Monday, March 12, 2012

The Tide.

I suffer from fibromyalgia, for which I have receiving treatment for about a year. Despite multiple tests and many medical interventions, for now, my fibromyalgia is not well-managed. Perversely, it seems in some ways to get worse whenever something new is attempted to treat it. This weekend, I suffered a horrible flare–one of the worst I have had, and all of the mental preparations made ahead–the attitudes I intended to take, the help I planned to ask for–all of it was wholly inadequate to weather the barrage of severe pain and incapacitation. Although my usual penchant is for humor writing, I also write my way through this illness. Sometimes what you see here is nothing more than sensations lobbed like globs of paint at a blank canvas. I write to keep me sane, but I hope it might help someone else stay sane, too.


Saturday night finds me plunged into the solitude of complete exhaustion, senses only just submerged, my own voice an unfamiliar reverberation rippling around me. I can hear all of you, amiably chattering around me, but you are faint and garbled. The need to reply seems distant. I am aware only enough to be bored, but not enough to meaningfully engage my mind. I lie submerged, aware distantly of embarrassment, regret and great sadness. For a time, it seems right to simply remain here, under the weight of the water and be still.

Finally, though, regret becomes too large.

Pulling myself up to break the surface, pain crashes on me. Spikes hammered and thorns wound and bands pulled tight around me. Nausea. I can hear you clearly now, but the pain makes me angry with you, driving sharpness into my nervous system with each unheeded request to get ready for bed. The cold on my wet skin raises goosebumps, my teeth chatter. I find myself yelling.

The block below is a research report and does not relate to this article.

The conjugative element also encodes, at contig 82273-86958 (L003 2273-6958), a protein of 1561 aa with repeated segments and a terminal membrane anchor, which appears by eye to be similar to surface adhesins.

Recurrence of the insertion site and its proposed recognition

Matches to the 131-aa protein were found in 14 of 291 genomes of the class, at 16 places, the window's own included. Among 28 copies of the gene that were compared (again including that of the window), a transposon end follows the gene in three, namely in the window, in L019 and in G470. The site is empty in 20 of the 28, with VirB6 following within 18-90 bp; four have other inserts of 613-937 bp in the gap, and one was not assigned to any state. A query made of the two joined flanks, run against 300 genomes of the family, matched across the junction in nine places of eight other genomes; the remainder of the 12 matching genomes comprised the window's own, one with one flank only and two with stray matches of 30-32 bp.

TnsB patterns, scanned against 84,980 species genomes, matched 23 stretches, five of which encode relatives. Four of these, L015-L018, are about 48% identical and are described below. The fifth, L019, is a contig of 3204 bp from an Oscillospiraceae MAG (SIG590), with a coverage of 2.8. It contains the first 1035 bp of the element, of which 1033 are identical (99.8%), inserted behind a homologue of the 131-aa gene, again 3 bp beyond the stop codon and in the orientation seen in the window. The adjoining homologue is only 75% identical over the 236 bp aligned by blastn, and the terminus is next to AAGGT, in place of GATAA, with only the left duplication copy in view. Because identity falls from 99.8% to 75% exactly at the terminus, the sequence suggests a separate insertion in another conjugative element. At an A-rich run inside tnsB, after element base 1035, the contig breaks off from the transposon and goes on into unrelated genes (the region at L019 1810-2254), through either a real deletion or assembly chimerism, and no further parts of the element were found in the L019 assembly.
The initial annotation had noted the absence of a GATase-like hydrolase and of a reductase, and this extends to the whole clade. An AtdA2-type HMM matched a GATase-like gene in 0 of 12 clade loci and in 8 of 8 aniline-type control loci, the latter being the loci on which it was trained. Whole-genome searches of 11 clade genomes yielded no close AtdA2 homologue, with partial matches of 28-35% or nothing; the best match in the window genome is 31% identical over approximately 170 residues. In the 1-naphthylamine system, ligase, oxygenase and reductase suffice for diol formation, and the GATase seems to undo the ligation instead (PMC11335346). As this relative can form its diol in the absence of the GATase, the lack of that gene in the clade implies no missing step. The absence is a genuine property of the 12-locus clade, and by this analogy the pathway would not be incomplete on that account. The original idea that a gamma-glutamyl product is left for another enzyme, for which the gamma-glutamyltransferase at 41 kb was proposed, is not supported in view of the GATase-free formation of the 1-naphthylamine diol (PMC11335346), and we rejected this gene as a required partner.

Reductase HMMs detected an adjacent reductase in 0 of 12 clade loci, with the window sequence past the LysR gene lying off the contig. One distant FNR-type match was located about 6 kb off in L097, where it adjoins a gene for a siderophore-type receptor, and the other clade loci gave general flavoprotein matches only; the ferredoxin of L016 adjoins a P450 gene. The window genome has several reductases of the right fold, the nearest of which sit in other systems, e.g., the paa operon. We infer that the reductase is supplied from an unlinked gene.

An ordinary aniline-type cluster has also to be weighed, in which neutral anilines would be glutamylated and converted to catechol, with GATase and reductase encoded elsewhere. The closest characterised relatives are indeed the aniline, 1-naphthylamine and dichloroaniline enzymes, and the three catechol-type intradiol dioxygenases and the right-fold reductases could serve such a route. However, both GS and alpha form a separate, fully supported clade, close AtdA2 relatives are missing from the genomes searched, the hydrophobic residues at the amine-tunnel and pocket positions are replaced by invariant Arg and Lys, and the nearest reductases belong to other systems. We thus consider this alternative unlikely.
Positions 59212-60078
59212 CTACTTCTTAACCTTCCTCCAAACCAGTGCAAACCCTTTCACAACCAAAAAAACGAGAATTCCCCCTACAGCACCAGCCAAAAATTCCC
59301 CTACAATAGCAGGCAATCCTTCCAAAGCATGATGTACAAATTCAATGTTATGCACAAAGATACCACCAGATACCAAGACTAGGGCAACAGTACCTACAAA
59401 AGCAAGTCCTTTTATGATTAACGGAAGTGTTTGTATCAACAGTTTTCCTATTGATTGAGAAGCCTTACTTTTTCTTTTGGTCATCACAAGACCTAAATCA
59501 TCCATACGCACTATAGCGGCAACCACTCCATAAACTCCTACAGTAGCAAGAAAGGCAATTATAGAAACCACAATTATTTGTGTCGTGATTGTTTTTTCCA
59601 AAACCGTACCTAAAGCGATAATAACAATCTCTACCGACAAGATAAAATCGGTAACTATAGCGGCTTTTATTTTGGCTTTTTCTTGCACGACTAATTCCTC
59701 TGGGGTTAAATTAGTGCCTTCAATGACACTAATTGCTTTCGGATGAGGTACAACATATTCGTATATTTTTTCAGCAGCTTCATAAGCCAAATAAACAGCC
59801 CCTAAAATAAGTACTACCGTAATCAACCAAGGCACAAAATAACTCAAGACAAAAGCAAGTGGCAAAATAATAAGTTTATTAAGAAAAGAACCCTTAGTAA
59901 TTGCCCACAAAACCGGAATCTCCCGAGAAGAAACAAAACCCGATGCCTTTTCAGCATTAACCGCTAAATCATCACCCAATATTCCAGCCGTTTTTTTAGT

I rose, with great effort to give love, and gave you only concern and bitterness.

So I sink back down, and now the embarrassment is greater. Pain has chased me underwater, with its torturing vines of thorn that wind round me as I shift. It is profoundly lonely to be in pain. Lonely for the love I can't give properly and the words I cannot find to say.

I must remember that I am not a village flooded and laid waste but a shoreline, awaiting what I am made to attend. I have only to experience, give voice to, and remember that the change will come.

Weeks now, they ebb and flow, and bring with them the gladness of a day when I can go walking or a series of days, like precious beads on a string, that feel purposeful. Joy and gratitude. Love and acceptance. These things come. They are there now, starfish under the heaving, dark wave, merely clinging to a rock, to be found later when the tide is out. The tide always goes out. And I will be full to bursting with love again, for the gifts it leaves me in the shallows.

For now, for today, I am submerged again, my world distorted by the wave I could not escape. So I wait, remembering the gladness I will feel at the onset of its ebb.


  1. Oh Tara, "It is profoundly lonely to be in pain." is sad and yet true as I sit outside your pain unable to help. Let me know if there is anything I can do. You were my Star Thrower just last week. The fact that you can touch so many lives when you feel so terrible is amazing. Please let me know what I can do -- even if it is just dinner (with your recipe if that helps) or shopping, or having the boys over after school...